- Gentlemen, start your drones: Judge’s ruling opens door for commercial use
- Soldier who hid, bragged about not saluting flag to be punished — in secret
- ‘Maverick’ of the seas: ‘Top Gun’ school for U.S. ship officers to launch
- Putin declares Sochi Paralympics open amid Ukrainian protest
- ‘In Jesus name, we pray’ sparks ire at Ohio council meeting
- Navy’s first laser weapon ready for prime time; drone killer to deploy this summer
- Billionaire backer: Rick Santorum ‘needs to be heard’ in 2016
- Obamacare fallout: 49 percent pessimistic; 45 percent ‘scared’
- DHS accused of holding U.S. citizen at airport, using emails to pry into her sex life
- Seattle socialist: Minimum-wage discussion skewed by ‘right-wing’ GAO analysis
Former CIA head James Woolsey: Russia’s insulting U.S. has set example for Hong Kong, Ecuador
R. James Woolsey Jr., director of central intelligence during the Clinton administration, said Monday that the United States’ failure to deal strongly with Russia and President Vladimir Putin is setting an example for other countries in the Edward Snowden leak escapade.
“Hong Kong and Ecuador are learning from Russia, which is that if you insult the United States and don’t follow international norms with respect to it, nothing happens,” Mr. Woolsey said on MSNBC’s “Morning Joe.” “And so they’re behaving appropriately. Nothing’s happening.”
“His general attitude is don’t be weak, and that’s fine, but he’s not really doing anything else except avoiding being weak, simply trying to throw his weight around with respect to the United States,” Mr. Woolsey said. “He’s not cooperating, really, on anything substantial, and there’s no risk in it for him. He doesn’t have anything negative happen when he behaves that way with us, so the kind of cooperative relationship we had from time to time in the past, say with [Mikhail] Gorbachev, is just not here … he’s almost impossible to work with.”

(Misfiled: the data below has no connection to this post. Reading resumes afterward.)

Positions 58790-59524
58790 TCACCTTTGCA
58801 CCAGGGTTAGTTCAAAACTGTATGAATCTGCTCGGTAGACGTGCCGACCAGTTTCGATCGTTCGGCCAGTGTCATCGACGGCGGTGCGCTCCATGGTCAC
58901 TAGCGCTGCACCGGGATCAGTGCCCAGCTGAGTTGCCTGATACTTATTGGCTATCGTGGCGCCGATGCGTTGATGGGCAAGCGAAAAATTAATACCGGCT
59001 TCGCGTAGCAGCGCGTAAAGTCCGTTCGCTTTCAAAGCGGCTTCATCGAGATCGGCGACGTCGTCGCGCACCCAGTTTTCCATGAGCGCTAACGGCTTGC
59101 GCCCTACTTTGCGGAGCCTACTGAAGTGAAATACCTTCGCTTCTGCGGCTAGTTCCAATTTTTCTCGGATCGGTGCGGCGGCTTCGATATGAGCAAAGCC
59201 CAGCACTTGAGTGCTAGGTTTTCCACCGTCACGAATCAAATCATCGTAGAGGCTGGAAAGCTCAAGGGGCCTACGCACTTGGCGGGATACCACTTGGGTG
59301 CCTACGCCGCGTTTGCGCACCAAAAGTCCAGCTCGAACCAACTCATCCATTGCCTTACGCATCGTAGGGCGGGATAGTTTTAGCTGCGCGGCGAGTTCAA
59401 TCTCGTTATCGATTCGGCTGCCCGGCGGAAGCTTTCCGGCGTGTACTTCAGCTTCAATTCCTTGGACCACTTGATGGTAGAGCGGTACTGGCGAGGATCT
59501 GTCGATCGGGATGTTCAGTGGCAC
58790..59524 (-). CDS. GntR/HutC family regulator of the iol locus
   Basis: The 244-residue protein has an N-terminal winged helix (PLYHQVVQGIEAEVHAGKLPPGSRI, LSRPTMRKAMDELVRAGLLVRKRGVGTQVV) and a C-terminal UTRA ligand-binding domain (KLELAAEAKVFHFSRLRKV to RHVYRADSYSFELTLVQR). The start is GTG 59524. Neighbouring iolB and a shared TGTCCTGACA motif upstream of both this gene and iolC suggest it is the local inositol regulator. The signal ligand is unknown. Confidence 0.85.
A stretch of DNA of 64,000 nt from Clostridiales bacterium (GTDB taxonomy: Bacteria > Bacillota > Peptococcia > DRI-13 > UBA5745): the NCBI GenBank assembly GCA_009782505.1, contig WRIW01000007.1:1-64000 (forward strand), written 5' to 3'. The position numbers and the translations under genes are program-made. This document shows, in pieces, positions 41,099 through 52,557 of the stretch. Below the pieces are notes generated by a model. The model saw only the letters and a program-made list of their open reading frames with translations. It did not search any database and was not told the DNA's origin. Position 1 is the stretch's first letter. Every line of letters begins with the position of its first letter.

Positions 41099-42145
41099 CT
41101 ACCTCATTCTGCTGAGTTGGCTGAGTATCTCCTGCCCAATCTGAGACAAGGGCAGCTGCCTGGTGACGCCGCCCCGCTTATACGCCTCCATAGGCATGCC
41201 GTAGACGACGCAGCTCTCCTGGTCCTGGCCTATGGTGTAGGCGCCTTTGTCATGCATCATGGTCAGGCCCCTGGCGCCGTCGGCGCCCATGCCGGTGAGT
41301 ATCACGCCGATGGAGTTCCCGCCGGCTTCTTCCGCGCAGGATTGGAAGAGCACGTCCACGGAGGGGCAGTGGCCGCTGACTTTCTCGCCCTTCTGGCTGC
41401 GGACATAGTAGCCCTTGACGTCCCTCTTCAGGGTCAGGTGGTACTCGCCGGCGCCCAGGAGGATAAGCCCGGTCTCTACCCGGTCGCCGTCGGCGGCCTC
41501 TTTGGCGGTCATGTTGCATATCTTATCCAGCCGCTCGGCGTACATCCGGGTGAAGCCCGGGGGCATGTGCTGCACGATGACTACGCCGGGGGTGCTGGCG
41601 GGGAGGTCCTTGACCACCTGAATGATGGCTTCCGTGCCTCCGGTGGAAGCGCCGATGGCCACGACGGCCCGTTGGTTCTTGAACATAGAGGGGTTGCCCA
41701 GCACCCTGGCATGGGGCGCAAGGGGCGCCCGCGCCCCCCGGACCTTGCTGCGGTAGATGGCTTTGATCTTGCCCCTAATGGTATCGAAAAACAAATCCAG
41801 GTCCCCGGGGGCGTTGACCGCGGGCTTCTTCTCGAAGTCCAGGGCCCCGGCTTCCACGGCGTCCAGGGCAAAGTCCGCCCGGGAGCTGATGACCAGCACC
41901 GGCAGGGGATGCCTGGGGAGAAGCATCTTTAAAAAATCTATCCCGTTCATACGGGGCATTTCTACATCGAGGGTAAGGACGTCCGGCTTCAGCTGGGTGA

Mr. Snowden, a 30-year-old who had top-secret clearance and disclosed the government’s collection of phone records and a program that tracks some foreigners’ Internet activity, revealed his plans through a statement from WikiLeaks — founded by leaker Julian Assange — after reports he departed from Hong Kong bound for Moscow and then a new haven from American authorities seeking his arrest.
Ecuadorean Foreign Minister Ricardo Patino confirmed on Twitter that his government had received an asylum request from Mr. Snowden, who landed in Moscow on Sunday and planned to travel to South America through Cuba, The Associated Press reported, citing Russian news agencies.
© Copyright 2014 The Washington Times, LLC. Click here for reprint permission.
About the Author
David Sherfinski covers politics for The Washington Times. He can be reached at email@example.com.
- CPAC 2014: Santorum: GOP needs positive message to counter Obama
- CPAC 2014: Huckabee says government impeding religious liberty
- CPAC 2014: Rick Perry to conservatives: 'You are the path to the future'
- CPAC 2014: McConnell works to reassure conservatives
- CPAC 2014: GOP optimism, agenda emerge at CPAC
Latest Blog Entries
TWT Video Picks
Taxpayers must pay the freight for over-budget train projects
- CPAC 2014: Rand Paul urges conservatives to fight for liberty
- Putin has transformed Russian army into a lean, mean fighting machine
- Kim Jong-un calls for execution of 33 Christians
- Bill Clinton poses for photo with Bunny Ranch prostitutes
- Two liberals say Sarah Palin is right: Obama lacks substance
- Unemployment insurance vote could happen next week
- Bill Clinton cashes in on struggling nonprofit hospital
- U.S. pilot scares off Iranians with 'Top Gun'-worthy stunt: 'You really ought to go home'
- WEBER: Obamacare cuts home healthcare for millions of seniors
- Russias Putin nominated for Nobel Peace Prize
Pope Francis meets his 'mini-me'
Celebrity deaths in 2014
Winter storm hits states — again